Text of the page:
Argentina: From Red Tape to Red Carpet
Argentina’s new administration has held its first Business and Investment Forum in an effort to entice foreign direct investment (FDI) into the country. The event was leveraged to showcase the new direction of the government, voice commitment to prolonged fiscal and structural transition, and address a key concern of many of the industry leaders in attendance: government consistency.
“We have embarked upon a new political phase, and are ushering in the new Argentina”
Mauricio Macri, President of Argentina
A key milestone in President Mauricio Macri’s crusade to attract tranches of fresh FDI into Argentina occurred in Buenos Aires from the 13th to the 15th of September with the launch of the much anticipated Argentina Business and Investment Forum. The event itself was attended by over 2000 top executives from around the world each eager to witness first hand a demonstration of the new administration’s political and economic resolve following years of economic turmoil and insular protectionist policy.
“We have embarked upon a new political phase, and are ushering in the new Argentina,” confidently declared President Mauricio Macri, eager to reassure the international investor community that the country has learned from past eccentricities and is finally ready to complement its “profound talents and bountiful natural resources” with “consistency in rule of law, regulatory predictability an a thorough clean-up of the national economy.” Such pronouncements were naturally warmly received by private industry. “To trigger prolonged growth and inward investment flows, it’s absolutely crucial to have regulatory certainty and to be convinced of the state’s commitment to and persistence in carrying through proper structural reform,” explains Andrew Liveris, CEO of Dow Chemical.
The ongoing fiscal and structural reforms of the Argentinian government have not passed unnoticed with Liveris keen to point out that “many governments around the globe are nowadays bereft of ideas, struggling for answers to their economic woes and unwilling to countenance necessary structural and fiscal reform given its associated unpopularity!” Macri’s regime, by contrast is pressing ahead with real reform unabashed. “This has been a red tape country for so long that it is almost unimaginable to now witness the emergence of a red carpet [country]!” he gushes. Liveris is convinced that Argentina is on the cusp of becoming one of the most promising countries in the region just so long as its leaders prove successful in “changing the rules of the game.” Other industry leaders concur. “We’ve entered a period of incredible adjustment, but just have to hope that the new spirit prevails and there is no back sliding or weakening of resolve,” mutters one.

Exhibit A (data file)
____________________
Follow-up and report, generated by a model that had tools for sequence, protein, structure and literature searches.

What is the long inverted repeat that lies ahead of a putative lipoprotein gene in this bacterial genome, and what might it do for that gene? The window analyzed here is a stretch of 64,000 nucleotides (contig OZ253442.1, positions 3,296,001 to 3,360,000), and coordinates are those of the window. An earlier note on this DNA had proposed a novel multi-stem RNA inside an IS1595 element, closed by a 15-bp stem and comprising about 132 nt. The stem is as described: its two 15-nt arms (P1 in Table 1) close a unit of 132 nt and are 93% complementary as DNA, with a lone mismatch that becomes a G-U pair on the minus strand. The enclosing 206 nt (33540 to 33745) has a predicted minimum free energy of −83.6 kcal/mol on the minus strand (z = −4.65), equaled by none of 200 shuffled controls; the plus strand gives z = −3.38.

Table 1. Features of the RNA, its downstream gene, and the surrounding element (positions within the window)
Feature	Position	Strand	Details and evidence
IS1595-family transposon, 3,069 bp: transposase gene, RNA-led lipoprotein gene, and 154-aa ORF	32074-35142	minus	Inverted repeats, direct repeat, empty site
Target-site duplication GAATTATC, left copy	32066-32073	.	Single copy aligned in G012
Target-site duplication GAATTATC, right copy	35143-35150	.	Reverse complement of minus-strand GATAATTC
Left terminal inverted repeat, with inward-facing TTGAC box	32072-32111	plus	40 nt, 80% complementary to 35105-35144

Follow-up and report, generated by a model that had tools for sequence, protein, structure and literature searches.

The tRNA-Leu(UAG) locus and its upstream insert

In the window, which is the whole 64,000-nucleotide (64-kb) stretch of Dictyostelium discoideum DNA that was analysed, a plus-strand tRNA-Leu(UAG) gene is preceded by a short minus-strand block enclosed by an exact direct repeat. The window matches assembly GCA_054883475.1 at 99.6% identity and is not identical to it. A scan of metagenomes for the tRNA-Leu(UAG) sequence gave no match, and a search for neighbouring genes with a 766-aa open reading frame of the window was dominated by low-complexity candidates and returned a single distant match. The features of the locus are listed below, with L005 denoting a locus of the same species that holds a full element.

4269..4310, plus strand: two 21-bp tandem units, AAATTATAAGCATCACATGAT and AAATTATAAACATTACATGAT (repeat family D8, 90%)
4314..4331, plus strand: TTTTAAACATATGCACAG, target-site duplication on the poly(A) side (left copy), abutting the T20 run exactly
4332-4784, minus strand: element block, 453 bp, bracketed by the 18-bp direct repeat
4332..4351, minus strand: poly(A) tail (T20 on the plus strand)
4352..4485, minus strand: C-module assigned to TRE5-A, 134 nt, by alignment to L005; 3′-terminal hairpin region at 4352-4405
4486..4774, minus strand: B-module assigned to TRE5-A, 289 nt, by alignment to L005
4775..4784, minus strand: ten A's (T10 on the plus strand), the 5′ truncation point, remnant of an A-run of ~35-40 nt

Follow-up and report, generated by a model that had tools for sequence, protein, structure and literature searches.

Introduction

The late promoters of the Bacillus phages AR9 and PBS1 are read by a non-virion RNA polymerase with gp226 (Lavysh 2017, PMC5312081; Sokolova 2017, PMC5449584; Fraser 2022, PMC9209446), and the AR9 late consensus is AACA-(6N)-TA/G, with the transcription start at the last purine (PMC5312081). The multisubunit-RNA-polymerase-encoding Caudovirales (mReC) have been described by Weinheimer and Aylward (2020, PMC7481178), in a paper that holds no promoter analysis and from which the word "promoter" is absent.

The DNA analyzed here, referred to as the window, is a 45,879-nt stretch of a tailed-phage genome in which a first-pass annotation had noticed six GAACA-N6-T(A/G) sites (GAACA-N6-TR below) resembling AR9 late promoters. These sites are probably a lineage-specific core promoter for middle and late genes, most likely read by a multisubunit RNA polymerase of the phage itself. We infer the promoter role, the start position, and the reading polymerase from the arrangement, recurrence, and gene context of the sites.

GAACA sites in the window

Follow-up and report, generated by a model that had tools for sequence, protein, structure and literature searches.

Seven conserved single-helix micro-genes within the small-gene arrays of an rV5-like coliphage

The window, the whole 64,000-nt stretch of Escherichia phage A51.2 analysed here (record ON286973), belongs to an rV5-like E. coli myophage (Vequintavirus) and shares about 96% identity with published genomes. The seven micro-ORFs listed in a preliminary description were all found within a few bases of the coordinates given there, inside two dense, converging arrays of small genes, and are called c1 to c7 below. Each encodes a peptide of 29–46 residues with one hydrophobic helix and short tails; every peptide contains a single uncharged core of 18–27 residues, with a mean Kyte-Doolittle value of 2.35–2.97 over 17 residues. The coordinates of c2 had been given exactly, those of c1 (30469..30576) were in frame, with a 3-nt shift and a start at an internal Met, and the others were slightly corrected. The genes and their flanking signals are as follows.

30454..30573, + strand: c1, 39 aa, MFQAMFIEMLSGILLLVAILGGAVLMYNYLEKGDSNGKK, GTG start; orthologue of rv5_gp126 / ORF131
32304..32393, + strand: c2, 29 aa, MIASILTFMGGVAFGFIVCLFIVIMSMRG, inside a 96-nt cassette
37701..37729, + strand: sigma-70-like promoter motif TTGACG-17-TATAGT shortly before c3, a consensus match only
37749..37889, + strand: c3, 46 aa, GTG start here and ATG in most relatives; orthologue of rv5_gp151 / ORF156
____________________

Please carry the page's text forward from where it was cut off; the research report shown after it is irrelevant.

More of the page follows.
Juan Procaccini, president of Argentina’s Investment and Trade Promotion Agency, recognises that there will be doubters and that it will take time to win back the trust of the international investment community. “We’ve been pretty much out of the market for 10 years; we were totally isolated… and now everything has radically changed,” he muses, reflecting on the sheer scale of the task at hand.
For Bob Dudley, CEO of BP in Argentina, the country requires two more ingredients in addition to a continuation of the reforms underway. ”To turn this situation around it’s going to be massively important to secure both labour flexibility and great scale, by which I men more rigs, more roads, more hard infrastructure that can buttress and support the industry,” he asserts. “In my discussions with government officials, I do detect though that there is genuine desire to make this happen, so there’s much reason to be optimistic,” he elaborates.
Not only private actors, but even governments appear charmed by declarations of a “new Argentina, open for business again.” Sigmar Gabriel, Vice-Chancellor and Minister for Economic Affairs and Energy of Germany says he is convinced the country “is on the right track again,” emphasising that Germany stands as “a ready trade partner” with “all manner of German businesses ready to engage in technology and know–how transfer and assist in Argentina’s economic development.”
Testament to that readiness, Siemens even used the event to unveil a commitment to the tune of some EUR five billion (USD 5.6 billion) in direct in-country investment in infrastructure, mobility and energy management. ”The size of our contribution is reflective of what we perceive as the utter seriousness displayed by the authorities towards enacting game-changing reform,” expounds Siemens CEO, Joe Kaeser. Our calculation is that, if Argentinians get their economy and business ecosystem in order this time round, they could soon find themselves leading the Latin American region once more.”